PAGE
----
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A Jesus party!

Rowan Atkinson: (just for fun)

Jesus and twelve of the disciples walk into a bar.

Jesus says to the person behind the bar, thirteen glasses of water please, turns to the disciples and winks.

Did Jesus like a good party and collecting wine?

Or is the story of Jesus first miracle at a wedding of turning water into wine more than about the wine and the marriage feast?

This story is like a mini drama, a marriage was big do in the cultural context, the embarrassment as the host didn’t order enough wine from the local wine merchant Theophilus Murphy, Jesus mother getting involved and the wait staff watching with interest to see how this disaster would play out.

If NetFlix was around at the time of this story it would have made a mini -series of it and imagine the Twitter FB frenzy!!

What was going on? was it as one of my mates says, shows Jesus knew how to party? did it show Jesus understood the customs and culture of the time, maybe, or is there more to this story?

There is one account of this event, there are witnesses to this event, which is interesting because there were stories going around of others turning water into wine.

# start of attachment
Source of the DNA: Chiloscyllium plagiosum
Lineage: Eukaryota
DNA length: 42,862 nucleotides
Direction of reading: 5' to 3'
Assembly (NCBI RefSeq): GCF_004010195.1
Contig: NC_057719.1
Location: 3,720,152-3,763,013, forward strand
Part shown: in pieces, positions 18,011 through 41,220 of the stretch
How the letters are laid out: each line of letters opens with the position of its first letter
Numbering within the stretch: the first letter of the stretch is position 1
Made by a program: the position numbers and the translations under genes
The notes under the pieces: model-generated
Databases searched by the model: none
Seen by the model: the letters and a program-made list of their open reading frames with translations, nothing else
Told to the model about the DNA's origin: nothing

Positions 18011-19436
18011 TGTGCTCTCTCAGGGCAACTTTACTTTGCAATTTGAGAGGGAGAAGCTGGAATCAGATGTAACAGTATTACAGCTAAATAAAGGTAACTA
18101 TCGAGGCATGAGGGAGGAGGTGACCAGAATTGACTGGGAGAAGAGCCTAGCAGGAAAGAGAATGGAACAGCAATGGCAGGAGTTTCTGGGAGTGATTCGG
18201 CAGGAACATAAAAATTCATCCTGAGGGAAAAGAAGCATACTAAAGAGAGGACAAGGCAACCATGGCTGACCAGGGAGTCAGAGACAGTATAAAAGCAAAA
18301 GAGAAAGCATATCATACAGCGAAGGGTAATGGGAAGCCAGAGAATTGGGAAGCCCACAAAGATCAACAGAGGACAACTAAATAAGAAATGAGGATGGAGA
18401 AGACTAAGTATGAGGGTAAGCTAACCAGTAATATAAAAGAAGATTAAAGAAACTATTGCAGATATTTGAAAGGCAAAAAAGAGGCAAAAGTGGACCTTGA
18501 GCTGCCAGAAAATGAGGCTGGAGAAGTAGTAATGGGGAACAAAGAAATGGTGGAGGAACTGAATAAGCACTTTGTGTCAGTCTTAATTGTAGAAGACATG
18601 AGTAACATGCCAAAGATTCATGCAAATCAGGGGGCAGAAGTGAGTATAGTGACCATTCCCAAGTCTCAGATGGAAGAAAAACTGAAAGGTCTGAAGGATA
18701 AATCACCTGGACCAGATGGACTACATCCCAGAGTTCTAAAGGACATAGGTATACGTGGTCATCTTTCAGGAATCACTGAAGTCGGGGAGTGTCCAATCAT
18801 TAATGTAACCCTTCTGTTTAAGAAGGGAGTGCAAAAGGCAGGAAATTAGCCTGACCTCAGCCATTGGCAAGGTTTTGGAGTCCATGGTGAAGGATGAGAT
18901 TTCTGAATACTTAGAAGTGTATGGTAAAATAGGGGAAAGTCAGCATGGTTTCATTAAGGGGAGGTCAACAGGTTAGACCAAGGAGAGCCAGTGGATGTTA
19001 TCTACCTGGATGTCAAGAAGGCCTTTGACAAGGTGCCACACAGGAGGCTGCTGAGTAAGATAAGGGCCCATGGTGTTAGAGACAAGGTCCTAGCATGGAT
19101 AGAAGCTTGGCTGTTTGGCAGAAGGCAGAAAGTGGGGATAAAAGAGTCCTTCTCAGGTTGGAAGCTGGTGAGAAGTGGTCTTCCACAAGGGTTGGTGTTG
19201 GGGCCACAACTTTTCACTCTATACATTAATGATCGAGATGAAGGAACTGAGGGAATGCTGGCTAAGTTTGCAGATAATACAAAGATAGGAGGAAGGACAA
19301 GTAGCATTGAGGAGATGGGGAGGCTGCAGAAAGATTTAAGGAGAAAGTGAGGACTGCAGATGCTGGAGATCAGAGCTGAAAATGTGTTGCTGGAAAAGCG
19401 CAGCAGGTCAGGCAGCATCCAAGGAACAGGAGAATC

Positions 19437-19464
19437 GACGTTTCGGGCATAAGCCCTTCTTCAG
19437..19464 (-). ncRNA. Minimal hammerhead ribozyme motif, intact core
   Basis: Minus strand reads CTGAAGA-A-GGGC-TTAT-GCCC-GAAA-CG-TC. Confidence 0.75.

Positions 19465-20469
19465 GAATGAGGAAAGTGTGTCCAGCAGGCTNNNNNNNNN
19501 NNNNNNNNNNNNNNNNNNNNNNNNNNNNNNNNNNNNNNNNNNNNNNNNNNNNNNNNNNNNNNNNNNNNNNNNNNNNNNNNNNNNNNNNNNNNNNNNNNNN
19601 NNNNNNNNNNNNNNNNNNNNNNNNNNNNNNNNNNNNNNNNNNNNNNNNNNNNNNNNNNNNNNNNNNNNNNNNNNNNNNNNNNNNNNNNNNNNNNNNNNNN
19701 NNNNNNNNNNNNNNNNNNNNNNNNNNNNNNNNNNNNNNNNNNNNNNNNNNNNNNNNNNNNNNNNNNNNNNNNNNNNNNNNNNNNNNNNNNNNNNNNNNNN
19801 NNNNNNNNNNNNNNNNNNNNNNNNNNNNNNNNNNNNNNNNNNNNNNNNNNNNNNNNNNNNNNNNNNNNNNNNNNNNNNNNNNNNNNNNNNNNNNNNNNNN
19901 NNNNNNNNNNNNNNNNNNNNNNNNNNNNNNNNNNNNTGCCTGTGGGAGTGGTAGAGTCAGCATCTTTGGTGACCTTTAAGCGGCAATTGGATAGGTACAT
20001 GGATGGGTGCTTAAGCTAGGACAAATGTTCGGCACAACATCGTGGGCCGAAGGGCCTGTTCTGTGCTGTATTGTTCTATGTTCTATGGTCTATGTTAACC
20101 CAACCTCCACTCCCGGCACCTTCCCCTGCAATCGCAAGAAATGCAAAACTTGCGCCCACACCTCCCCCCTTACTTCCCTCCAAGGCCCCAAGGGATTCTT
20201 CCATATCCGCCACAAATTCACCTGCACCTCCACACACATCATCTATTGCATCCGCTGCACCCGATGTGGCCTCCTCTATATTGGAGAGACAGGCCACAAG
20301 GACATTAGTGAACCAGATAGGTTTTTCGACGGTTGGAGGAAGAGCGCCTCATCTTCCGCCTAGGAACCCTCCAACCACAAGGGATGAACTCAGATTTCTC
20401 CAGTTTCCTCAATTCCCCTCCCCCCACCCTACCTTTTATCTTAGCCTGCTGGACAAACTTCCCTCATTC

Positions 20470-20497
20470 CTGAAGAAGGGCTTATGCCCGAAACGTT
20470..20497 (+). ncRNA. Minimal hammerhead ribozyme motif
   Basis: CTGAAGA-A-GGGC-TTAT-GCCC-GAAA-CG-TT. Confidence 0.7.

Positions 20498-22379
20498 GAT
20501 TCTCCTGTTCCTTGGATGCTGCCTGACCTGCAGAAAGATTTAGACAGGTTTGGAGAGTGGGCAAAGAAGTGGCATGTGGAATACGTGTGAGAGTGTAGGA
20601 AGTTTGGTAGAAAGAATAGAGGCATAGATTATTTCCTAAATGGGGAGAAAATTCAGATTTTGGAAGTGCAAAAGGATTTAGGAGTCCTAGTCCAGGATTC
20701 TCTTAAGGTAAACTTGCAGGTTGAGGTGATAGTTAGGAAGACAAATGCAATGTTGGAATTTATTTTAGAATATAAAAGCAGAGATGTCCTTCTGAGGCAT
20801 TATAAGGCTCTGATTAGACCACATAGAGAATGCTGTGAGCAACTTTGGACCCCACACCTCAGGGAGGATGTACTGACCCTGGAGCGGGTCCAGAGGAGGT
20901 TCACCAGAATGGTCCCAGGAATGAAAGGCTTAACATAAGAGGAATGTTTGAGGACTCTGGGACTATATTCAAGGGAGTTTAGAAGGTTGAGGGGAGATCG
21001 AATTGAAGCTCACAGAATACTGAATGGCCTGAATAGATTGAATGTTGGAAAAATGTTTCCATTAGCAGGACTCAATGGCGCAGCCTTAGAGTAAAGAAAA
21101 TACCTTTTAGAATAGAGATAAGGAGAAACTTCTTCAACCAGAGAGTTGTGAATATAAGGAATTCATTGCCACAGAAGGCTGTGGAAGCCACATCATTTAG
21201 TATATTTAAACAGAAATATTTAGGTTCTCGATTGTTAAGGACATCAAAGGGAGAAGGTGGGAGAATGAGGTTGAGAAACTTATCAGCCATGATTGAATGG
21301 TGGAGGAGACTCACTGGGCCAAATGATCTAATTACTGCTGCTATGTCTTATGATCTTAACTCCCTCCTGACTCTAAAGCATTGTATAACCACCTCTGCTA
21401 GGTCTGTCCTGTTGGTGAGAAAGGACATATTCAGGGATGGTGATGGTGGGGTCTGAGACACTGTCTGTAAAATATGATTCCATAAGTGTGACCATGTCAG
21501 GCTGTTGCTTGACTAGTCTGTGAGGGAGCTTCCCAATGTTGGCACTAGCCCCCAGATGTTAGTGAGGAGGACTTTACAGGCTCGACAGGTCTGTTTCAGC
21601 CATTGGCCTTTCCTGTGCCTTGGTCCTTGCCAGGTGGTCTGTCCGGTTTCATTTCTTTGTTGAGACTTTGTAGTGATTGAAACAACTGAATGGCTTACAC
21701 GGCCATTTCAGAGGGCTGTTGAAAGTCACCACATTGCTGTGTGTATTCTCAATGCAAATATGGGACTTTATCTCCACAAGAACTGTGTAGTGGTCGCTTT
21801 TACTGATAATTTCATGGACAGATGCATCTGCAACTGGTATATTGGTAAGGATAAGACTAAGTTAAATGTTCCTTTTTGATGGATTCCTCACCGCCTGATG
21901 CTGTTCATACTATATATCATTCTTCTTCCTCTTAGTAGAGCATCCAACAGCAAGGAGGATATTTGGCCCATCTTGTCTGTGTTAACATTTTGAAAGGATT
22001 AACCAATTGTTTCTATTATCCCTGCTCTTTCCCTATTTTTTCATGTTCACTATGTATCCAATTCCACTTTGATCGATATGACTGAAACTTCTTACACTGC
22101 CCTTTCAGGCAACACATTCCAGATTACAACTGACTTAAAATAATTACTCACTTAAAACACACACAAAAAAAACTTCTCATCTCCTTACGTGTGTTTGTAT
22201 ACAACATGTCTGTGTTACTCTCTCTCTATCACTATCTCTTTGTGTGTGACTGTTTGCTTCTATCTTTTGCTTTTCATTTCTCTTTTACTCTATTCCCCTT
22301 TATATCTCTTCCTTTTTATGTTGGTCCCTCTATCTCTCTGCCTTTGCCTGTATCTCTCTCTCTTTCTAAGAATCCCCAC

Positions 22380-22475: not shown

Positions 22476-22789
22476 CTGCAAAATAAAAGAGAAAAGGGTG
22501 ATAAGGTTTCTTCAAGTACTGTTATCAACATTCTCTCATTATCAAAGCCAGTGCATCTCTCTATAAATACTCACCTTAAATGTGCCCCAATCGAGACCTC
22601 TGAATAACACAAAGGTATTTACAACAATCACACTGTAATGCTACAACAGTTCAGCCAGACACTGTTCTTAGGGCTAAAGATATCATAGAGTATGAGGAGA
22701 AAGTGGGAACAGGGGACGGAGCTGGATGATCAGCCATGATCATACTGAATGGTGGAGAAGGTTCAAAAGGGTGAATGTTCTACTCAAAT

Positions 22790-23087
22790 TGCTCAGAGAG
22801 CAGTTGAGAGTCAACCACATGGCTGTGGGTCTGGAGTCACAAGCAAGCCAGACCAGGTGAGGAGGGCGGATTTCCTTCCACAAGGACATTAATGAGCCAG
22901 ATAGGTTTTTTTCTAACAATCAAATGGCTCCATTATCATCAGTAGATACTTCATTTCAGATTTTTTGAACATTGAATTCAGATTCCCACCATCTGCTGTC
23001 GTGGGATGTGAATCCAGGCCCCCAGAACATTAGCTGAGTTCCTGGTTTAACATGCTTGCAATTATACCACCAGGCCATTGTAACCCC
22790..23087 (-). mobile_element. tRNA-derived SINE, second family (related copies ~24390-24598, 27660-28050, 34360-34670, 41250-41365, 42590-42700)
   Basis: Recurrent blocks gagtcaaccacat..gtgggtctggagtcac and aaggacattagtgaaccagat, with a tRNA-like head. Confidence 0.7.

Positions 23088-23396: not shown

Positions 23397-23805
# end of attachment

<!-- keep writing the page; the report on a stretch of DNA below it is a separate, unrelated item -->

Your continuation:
Some other questions we might ask ourselves.

Was Jesus just a magician?

What’s this calling Mary Woman and not Mum (Mom)?

Was Jesus a party animal?

Was this event a significant shift in history?

Was the incarnation about to get really serious?

I have read several blogs and articles story, some are helpful, some use it as an opportunity to ‘dismantle’ other peoples’ theological thoughts.

Take some time to listen to the piece of music attached called Water into wine by Canadian singer Bruce Cockburn and as you do close you eyes or read the story again. YouTube Bruce Cockburn Water into wine.

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Jonah and the deep

Jonah and the Whale …

…  or big fish, or Kraken, your choice of HUGE underwater beast that can swallow a man whole.  I’ve heard this story described as a fish story, one of those exaggerated catch, “It was a meter if it was an inch!” kind of things.  And it might need, irony, humour and laughter are just as important for our understanding of God as awe and miracles.